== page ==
New Wireless Technologies Are Changing the Way Guests Interact with Room Technology

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June 01, 2008
Wireless | Technology
Jeremy Rock - jrock@rockitgroup.com

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© 2008 Hospitality Upgrade. No reproduction without written permission.

Suffice it to say that the concept of conserving energy in hotel guestrooms has been around for some time now and it is not surprising that the early in-room control systems emerged as a result of hoteliers wanting to conserve heating, cooling and other energy consumption in guestrooms. Of course there was the wow factor whereby guest could control all aspects of the room from a single source.

Early adoption of these systems was hampered due to the high cost of deployment and the difficulty in supporting the technology. Due to the lack of wireless technology, the entire guestroom wiring systems needed to be modified to work with the control system at a huge cost to the hotel. The expense of provisioning the conduit, wiring and associated construction installation costs alone was enough to eliminate these systems from consideration. The customization of the wiring and the integration of the various technologies were not only expensive but also led to many operational issues and concerns especially in the luxury hotels where most of the systems were deployed. Additionally guests were unfamiliar with the technology and confused as to how to perform even the most basic of functions such as turning on a light. Overall the guest related interface concerns coupled with the frequent glitches in the system operation impacted the overall guest experience and detracted from the widespread adoption of the systems into the marketplace.

Looking back at some of the earlier installations, we can reflect (sometimes humorously) on the problems that these systems experienced but at the time this was certainly no laughing matter. The systems really challenged hotel management executives and their staff and caused some hotels to either remove the systems at great cost or create a work-around for guests to effectively operate even the most basic features of the room.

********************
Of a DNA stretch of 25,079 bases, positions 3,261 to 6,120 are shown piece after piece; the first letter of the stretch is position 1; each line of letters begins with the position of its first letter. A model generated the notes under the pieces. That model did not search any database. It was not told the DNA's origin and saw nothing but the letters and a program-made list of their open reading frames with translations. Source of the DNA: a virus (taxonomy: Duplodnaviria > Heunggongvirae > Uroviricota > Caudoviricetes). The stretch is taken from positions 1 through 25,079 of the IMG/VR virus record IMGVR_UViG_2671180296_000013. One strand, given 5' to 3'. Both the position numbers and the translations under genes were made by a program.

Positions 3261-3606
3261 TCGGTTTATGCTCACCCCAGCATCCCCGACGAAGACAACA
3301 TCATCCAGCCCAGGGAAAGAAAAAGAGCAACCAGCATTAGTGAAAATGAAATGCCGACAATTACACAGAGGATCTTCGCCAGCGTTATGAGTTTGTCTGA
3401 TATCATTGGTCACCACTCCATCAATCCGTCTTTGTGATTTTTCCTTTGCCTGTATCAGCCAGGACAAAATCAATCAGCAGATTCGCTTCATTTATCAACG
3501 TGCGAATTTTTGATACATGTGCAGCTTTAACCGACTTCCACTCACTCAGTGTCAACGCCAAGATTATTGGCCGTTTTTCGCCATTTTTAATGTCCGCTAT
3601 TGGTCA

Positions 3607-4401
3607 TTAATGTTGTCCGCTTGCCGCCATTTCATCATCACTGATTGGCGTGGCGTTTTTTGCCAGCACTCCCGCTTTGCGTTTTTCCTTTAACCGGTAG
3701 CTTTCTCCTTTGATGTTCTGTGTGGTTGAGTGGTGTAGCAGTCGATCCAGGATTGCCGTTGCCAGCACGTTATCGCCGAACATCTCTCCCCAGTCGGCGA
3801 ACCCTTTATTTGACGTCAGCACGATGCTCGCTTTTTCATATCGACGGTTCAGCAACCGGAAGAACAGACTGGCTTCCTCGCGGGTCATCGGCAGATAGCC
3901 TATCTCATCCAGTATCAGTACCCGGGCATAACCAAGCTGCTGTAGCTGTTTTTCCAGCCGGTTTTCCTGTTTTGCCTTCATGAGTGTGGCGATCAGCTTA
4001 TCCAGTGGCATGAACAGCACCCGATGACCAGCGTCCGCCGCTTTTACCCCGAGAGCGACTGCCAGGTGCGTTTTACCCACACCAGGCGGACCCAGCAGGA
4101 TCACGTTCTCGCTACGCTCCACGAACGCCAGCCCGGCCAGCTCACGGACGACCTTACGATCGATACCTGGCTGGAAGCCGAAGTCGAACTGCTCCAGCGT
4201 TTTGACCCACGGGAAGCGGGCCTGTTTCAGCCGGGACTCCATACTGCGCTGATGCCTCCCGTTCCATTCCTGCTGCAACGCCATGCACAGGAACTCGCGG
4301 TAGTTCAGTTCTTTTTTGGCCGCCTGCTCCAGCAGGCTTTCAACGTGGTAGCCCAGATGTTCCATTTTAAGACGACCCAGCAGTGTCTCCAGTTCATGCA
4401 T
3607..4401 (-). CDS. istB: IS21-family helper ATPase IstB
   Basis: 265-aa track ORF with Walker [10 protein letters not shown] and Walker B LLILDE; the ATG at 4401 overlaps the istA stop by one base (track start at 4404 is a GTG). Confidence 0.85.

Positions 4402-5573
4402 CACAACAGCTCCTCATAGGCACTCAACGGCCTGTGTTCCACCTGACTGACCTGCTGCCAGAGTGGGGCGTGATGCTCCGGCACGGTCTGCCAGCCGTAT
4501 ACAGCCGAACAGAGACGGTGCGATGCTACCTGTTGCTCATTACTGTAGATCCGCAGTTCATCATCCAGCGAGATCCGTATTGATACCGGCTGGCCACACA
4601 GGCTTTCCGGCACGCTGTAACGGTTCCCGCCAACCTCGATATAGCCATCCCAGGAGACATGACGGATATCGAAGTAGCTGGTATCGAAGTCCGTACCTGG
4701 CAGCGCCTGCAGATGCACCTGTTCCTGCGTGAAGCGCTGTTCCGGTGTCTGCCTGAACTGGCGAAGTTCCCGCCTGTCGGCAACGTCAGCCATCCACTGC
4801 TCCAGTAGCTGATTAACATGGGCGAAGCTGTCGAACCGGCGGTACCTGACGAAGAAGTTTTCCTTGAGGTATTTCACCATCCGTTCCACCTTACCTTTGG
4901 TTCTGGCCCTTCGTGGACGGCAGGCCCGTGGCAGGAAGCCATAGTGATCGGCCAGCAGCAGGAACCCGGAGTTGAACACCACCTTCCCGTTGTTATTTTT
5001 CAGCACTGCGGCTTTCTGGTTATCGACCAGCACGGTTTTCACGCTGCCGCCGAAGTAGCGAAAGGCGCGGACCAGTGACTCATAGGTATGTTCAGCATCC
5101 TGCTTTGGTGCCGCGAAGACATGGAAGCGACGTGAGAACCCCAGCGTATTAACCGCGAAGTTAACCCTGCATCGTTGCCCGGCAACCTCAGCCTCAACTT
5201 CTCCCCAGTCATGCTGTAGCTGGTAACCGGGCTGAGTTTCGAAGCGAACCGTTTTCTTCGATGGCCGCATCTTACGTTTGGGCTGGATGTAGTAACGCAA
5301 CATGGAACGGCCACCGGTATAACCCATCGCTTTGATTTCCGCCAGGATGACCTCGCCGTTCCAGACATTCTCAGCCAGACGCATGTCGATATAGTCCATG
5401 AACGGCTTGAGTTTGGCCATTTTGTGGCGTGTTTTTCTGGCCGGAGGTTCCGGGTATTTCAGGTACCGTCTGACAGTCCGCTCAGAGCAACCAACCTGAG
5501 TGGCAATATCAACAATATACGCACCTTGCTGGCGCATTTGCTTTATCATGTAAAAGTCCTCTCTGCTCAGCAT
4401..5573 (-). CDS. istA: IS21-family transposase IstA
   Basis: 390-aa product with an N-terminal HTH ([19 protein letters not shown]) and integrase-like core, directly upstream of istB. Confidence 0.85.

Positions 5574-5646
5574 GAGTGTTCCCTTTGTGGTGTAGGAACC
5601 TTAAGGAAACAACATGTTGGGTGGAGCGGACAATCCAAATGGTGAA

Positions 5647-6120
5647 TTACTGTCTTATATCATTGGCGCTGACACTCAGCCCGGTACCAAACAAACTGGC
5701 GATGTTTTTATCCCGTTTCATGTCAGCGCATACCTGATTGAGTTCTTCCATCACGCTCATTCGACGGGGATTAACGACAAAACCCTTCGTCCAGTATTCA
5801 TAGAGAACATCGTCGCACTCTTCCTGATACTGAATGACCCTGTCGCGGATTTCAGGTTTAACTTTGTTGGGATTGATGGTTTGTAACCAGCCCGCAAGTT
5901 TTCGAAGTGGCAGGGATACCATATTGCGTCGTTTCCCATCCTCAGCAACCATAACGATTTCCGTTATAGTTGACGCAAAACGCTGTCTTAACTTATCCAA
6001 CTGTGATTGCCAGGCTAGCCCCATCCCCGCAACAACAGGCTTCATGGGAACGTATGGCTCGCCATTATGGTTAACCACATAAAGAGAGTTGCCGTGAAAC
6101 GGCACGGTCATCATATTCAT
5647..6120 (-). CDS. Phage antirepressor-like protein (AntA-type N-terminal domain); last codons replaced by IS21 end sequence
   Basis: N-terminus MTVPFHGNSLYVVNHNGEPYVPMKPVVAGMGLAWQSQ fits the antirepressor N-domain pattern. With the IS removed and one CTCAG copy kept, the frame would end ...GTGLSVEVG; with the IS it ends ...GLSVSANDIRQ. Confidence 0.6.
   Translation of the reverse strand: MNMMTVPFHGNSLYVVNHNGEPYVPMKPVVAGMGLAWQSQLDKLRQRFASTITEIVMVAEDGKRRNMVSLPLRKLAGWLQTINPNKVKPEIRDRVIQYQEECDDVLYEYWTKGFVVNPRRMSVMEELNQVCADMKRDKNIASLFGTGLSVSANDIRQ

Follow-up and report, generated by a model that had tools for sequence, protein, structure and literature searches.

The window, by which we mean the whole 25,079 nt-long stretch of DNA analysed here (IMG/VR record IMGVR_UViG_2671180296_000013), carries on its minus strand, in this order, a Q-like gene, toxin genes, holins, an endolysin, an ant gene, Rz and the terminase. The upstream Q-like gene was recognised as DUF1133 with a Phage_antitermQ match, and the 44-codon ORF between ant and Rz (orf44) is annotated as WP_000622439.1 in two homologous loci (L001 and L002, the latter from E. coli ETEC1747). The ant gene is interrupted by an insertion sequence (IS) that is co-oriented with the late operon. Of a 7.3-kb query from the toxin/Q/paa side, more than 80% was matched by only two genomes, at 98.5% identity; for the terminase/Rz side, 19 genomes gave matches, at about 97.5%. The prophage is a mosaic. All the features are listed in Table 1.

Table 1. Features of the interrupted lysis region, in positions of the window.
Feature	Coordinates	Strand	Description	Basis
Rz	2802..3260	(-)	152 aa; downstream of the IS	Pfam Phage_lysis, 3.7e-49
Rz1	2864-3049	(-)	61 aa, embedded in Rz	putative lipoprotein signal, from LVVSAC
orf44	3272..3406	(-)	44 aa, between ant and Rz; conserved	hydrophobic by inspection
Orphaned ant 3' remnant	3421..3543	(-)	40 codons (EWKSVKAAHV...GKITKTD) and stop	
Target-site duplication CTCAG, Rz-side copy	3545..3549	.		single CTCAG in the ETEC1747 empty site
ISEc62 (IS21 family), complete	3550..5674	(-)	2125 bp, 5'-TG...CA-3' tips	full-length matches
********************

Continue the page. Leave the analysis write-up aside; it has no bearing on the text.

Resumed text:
Fast forward to today where the newer technologies have caught up and surpassed many of the problems of the past. Non-invasive wireless technology now allows hotels to deploy these systems without modifying the guestroom electrical and telecommunication wiring. Many providers have standardized on the technologies being deployed and the result is substantially superior product integration and operational support concerns have been reduced. Energy conservation is still at the forefront of most of the decisions today to deploy in-room control systems. The ever increasing costs of energy coupled with the drive to provide a green environment and obtain LEED certification has led many hoteliers to consider the deployment of energy management systems. Not only do hotels benefit from the reduction in energy costs, but a LEED certification status can lead to tax benefits. Additionally it is politically correct to conserve energy and project a green image. Overall this represents a win-win situation for many hotels.

There are still those detractors in the marketplace who are concerned about the impact to guest satisfaction and that guests who are already paying a premium rate for the room should not be impacted by the hotel’s attempt to save a few dollars by turning off the air conditioning when the guest is not in the room. Most of these concerns are fostered out of experiences with some of the older systems that tended to have a glitch on some of the key operational assumptions. Most of these glitches have been addressed by the newer technology.

The newer wireless control systems came into the spotlight when ZigBee technology first became a standard in December 2004. ZigBee was created to address the market need for a cost-effective, standards-based wireless networking solution that supports low data-rates, low-power consumption, security and reliability. While there are a number of competing wireless technologies in the marketplace such as Z-Wave which are IP-based, to date ZigBee is the only standards-based technology that addresses the unique needs of most remote monitoring and control and sensory network applications. This was the primary reason why the majority of the solution providers in the industry have gravitated to ZigBee as the basis for their wireless platform offerings.

ZigBee is an IEEE standard which allows other manufacturers of electronic devices to design products around the standard allowing for a seamless integration to the third-party control systems. Additionally ZigBee Pro is designed for commercial operations and is setup to enable channelization and reduce chatter over the wireless network. The new low-cost, low-power technology links applications wirelessly utilizing products that can effectively run for years on inexpensive batteries for a host of monitoring applications. Some examples of these include: lighting controls, smoke and CO detectors, wireless telemetry, HVAC controls, security systems, drapery and shade controls, etc. It is noted that the other competing wireless technologies such as Z-Wave have gained market momentum (especially in the residential marketplace) despite the fact that it lacks an open standard.